Correspondence

Order and Justice? Cowardice and Folly!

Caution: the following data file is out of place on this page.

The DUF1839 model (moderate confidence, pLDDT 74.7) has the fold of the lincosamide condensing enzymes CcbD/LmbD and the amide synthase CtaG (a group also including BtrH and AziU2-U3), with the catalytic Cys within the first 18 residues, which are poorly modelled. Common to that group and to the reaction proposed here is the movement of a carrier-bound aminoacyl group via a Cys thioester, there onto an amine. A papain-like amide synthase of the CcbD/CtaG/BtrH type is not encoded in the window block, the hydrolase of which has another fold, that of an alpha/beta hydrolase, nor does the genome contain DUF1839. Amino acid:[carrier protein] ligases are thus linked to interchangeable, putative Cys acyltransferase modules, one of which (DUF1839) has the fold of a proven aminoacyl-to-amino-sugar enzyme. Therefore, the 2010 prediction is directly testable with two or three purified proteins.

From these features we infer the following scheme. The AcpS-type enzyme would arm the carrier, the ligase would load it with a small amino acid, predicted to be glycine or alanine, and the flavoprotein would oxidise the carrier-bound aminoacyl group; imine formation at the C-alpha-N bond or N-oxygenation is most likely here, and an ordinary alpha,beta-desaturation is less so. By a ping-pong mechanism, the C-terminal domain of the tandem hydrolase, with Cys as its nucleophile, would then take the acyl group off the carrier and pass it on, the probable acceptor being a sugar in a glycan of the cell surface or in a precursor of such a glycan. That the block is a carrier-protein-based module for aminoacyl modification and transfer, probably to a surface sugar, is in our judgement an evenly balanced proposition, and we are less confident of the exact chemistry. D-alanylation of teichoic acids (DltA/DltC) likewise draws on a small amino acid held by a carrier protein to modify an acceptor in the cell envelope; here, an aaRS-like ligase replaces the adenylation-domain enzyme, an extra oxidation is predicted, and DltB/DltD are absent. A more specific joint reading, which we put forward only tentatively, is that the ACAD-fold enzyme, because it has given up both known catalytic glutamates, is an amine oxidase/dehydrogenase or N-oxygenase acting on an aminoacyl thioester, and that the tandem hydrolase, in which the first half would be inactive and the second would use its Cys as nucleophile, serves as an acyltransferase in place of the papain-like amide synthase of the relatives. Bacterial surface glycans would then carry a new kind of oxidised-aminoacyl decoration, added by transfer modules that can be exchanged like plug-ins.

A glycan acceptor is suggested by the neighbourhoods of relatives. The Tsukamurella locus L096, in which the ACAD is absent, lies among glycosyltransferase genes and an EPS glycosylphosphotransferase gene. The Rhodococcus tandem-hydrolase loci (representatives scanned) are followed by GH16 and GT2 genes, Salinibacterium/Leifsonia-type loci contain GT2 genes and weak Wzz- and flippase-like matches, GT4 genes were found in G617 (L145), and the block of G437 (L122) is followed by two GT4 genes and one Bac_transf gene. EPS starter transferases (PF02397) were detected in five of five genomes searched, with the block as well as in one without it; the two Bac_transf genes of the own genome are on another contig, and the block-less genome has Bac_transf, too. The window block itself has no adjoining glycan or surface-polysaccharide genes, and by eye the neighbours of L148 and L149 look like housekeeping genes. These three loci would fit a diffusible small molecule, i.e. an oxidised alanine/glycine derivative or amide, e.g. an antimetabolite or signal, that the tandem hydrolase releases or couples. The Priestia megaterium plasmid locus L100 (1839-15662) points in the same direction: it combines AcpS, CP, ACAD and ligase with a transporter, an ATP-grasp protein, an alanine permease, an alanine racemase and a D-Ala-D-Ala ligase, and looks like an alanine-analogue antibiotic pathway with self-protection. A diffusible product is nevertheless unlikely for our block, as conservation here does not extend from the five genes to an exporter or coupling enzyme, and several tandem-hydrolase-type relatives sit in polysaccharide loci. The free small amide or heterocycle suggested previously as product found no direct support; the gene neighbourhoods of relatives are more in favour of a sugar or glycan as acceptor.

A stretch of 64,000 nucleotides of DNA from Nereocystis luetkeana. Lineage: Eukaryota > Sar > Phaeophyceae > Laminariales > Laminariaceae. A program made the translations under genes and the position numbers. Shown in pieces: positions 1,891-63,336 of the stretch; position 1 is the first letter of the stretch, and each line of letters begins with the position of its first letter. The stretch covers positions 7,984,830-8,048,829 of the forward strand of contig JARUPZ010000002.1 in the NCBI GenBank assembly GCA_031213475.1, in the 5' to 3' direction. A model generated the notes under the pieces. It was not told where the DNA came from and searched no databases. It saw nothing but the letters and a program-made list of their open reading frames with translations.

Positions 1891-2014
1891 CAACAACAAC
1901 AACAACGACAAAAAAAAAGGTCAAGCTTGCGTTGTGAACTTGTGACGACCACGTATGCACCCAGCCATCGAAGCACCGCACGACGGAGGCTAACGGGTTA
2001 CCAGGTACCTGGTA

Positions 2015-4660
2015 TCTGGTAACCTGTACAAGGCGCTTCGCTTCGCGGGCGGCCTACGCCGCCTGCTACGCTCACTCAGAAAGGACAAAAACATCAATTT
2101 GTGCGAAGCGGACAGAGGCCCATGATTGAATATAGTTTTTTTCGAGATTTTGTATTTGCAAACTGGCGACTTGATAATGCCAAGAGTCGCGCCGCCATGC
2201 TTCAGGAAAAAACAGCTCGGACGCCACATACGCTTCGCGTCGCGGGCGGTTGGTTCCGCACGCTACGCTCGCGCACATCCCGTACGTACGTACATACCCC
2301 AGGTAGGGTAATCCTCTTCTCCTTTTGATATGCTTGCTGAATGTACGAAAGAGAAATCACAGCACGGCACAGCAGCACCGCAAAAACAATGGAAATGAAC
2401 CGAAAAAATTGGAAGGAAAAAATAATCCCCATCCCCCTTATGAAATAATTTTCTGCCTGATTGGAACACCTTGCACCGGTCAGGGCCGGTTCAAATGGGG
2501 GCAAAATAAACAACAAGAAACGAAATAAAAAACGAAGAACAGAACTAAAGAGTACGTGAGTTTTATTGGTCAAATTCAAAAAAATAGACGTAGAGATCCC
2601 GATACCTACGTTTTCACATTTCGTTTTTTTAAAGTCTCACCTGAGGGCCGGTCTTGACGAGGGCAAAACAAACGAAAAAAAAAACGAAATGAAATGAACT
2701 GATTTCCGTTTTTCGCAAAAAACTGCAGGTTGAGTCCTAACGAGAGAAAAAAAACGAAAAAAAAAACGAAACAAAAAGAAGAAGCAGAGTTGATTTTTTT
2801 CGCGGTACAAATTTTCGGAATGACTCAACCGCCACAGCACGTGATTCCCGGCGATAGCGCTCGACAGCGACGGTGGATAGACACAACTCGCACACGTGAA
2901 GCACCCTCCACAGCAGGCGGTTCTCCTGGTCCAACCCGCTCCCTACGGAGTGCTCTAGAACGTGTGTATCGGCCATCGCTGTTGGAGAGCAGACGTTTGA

In April 1986, Nikolai Tolstoy's The Minister and the Massacres was published in Britain. Like his earlier Victims of Yalta (1978) and Stalin's Secret War (1981), the book was uncompromising in its indictment of Prime Minister Harold Macmillan personally and of British foreign policy generally at the end of the war. "In the second week of May 1945," Count Tolstoy summed up recently in an appeal for his Forced Repatriation Defense Fund, "British military authorities in Austria accepted the surrender of tens of thousands of Cossacks, White Russians, Slovenes, Croats, Montenegrins, and Serbs. They comprised prisoners of war and political refugees, and were accompanied by large numbers of women and children. At the end of the month and the beginning of June the majority were handed over to Stalin and Tito, the operations being effected by a combination of brutal force and treacherous deception. Many were massacred at the point of handover within sight or sound of their British escorts. The overwhelming majority of the remainder either died a lingering death in Soviet forced labour camps, or were slaughtered in circumstances of appalling brutality. . . . No one has accepted responsibility, no one has suffered retribution, displayed repentance, or attempted recompense. It is too late for punishment, which is in any case precluded by legal considerations. . . . Nevertheless, the fact that this dreadful...

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